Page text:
African American theologians have also found the essential significance of Jesus in the lives of African Americans. They hold that the Jesus of history is important for understanding who Jesus was and his significance for black people today. By and large they have affirmed that this Jesus is the Christ, that is, God incarnate. They have argued that in the light of their experience, Jesus means freedom, freedom from the socio-psychological, psycho-cultural, economic and political oppression of black people. In other words, Jesus is their political Messiah. "To free (humans) from bondage was Jesus' own definition of his ministry." This meant that as Jesus identified with the lowly of his day, he now identifies with the lowly of this day, who, in the American context, are the African Americans. 9

The "historical Jesus" is surely important for us. But, searching for the historical Jesus does not mean that one can get back to a real "historical Jesus." As I understand it, the "historical Jesus means the "biblical Jesus." The Bible is simply a witness to, but not a biography of, this Jesus. Thus, it is impossible for us to find the real "historical Jesus." We see a "biblical Jesus," who is, in fact, a theologized "historical Jesus." All references to the "historical Jesus" are theological ones. As one theologian says, "One cannot discern with certainty what Jesus said, did, or thought. All the records we have about Jesus, even the very earliest ones, are already responses to Jesus. Thus, they are already christologies, even if of an implicit sort." 10 This sug gests that in doing our own christology we need to go back to the biblical Jesus, not a historical Jesus.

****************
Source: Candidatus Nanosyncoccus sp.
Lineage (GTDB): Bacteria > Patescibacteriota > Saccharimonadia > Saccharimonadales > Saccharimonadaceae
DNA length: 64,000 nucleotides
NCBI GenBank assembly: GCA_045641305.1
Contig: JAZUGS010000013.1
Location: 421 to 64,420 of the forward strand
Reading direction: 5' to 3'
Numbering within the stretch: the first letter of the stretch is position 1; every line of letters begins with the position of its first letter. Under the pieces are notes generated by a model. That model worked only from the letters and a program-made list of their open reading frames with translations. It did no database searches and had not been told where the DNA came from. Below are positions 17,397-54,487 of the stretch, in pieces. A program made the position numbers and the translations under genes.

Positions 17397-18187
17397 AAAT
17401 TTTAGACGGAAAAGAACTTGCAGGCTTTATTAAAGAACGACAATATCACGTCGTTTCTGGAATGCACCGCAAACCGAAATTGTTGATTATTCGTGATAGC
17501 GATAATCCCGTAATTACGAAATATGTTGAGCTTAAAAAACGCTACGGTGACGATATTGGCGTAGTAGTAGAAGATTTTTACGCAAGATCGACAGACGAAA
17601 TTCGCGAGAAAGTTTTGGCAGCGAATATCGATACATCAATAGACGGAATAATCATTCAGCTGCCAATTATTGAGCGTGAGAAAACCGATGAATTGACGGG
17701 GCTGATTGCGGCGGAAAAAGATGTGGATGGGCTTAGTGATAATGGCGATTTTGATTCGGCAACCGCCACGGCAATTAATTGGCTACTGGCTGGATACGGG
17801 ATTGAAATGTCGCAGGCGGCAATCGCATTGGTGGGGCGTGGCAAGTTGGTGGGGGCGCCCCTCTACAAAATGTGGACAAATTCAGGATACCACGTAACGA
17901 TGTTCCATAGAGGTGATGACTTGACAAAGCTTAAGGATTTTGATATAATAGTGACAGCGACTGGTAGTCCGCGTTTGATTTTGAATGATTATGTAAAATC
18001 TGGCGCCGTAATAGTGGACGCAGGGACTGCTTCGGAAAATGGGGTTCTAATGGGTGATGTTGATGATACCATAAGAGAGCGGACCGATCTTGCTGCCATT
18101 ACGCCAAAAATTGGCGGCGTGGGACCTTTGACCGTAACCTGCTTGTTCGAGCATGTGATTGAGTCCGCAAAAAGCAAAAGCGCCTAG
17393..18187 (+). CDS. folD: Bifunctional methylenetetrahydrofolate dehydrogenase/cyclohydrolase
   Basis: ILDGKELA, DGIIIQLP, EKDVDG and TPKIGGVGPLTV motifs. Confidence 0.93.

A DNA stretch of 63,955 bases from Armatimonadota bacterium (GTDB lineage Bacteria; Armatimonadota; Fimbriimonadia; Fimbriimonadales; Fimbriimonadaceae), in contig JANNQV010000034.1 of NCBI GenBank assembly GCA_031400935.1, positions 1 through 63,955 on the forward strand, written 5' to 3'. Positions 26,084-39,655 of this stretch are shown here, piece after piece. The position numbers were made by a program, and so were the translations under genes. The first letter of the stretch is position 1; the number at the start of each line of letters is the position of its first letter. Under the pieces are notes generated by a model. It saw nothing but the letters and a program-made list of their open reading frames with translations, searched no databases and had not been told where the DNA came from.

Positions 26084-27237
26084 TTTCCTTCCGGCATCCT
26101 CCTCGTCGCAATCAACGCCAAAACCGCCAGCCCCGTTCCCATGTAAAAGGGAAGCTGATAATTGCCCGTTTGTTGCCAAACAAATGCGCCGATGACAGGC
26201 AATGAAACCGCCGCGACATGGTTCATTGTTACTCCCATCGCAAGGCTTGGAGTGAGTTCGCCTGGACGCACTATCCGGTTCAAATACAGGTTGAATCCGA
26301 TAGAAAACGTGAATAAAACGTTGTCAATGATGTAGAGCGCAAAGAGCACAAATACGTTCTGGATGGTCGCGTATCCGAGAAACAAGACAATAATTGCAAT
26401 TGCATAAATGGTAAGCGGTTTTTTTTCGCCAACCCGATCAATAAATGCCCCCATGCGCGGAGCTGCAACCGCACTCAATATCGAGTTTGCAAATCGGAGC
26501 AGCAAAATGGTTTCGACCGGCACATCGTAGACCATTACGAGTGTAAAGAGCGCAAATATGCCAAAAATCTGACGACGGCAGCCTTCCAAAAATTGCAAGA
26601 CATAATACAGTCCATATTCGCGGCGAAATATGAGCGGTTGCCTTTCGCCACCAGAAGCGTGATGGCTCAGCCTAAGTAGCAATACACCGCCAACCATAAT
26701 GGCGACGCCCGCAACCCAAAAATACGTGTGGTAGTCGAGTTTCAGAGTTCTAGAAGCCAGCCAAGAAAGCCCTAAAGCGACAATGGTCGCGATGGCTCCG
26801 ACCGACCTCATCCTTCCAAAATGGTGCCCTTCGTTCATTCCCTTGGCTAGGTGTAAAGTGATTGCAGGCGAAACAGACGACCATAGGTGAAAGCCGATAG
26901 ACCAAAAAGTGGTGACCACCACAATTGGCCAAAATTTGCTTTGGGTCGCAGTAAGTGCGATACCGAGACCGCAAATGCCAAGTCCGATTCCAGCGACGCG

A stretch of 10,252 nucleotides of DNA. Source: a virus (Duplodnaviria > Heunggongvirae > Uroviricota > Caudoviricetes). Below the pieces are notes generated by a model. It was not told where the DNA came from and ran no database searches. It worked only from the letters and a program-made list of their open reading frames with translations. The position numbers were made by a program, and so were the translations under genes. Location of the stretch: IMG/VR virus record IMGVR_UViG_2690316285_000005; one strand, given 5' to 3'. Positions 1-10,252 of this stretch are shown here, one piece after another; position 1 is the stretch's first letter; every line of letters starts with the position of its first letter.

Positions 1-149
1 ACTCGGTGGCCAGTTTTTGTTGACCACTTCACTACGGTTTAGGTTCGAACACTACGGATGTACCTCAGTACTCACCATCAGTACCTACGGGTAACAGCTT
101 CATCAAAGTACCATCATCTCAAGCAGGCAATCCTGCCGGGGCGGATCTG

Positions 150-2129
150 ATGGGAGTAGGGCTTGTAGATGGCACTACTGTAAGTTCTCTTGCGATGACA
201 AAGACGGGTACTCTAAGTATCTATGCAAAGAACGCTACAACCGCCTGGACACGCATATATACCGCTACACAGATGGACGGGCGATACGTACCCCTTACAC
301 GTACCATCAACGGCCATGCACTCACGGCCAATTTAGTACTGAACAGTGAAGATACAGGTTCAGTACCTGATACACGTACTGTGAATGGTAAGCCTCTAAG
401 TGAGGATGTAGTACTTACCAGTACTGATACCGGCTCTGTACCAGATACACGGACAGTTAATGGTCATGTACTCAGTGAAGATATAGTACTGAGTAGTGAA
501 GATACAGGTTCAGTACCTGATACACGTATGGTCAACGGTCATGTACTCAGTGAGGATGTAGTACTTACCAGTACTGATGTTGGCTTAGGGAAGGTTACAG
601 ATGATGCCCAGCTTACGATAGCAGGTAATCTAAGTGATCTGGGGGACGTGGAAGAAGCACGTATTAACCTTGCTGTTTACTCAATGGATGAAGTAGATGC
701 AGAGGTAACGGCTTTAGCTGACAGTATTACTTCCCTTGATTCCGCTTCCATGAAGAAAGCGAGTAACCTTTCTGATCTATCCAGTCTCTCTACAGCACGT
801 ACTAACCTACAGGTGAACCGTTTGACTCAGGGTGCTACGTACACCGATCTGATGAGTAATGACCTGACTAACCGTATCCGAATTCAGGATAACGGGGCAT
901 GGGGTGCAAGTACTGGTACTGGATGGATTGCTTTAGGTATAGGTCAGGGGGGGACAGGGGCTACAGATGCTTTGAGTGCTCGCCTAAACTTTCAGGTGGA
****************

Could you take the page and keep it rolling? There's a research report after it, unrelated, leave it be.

It is true that contemporary christology cannot be read directly from the earliest traditions about Jesus, yet these earliest traditions are constitutive for christology today. It is possible, of course, to build christologies on later developments in the history of Christian theology. For instance, christologies often have begun with the declarations of the Council of Nicea or of Chalcedon, reading the biblical texts expecting to find and therefore finding the fully human, fully divine Jesus, the second person of the Trinity. As important as these counciliar definitions have been to illuminating who Jesus is and might be for us, we need to go behind them as far as possible to their own sources in the scriptural witness.

As a Chinese theologian rightly says, four conditions are necessary to construct a Chinese theology: revelation (including the authority of the Bible), tradition, culture, and praxis (or experience). 11 Similarly, the construction of a Chinese christology require these same four foundations. Any christology must surely have a biblical basis. Without this biblical basis, there can be no authentic christology. Then, what is the starting point for christology in the Chinese context?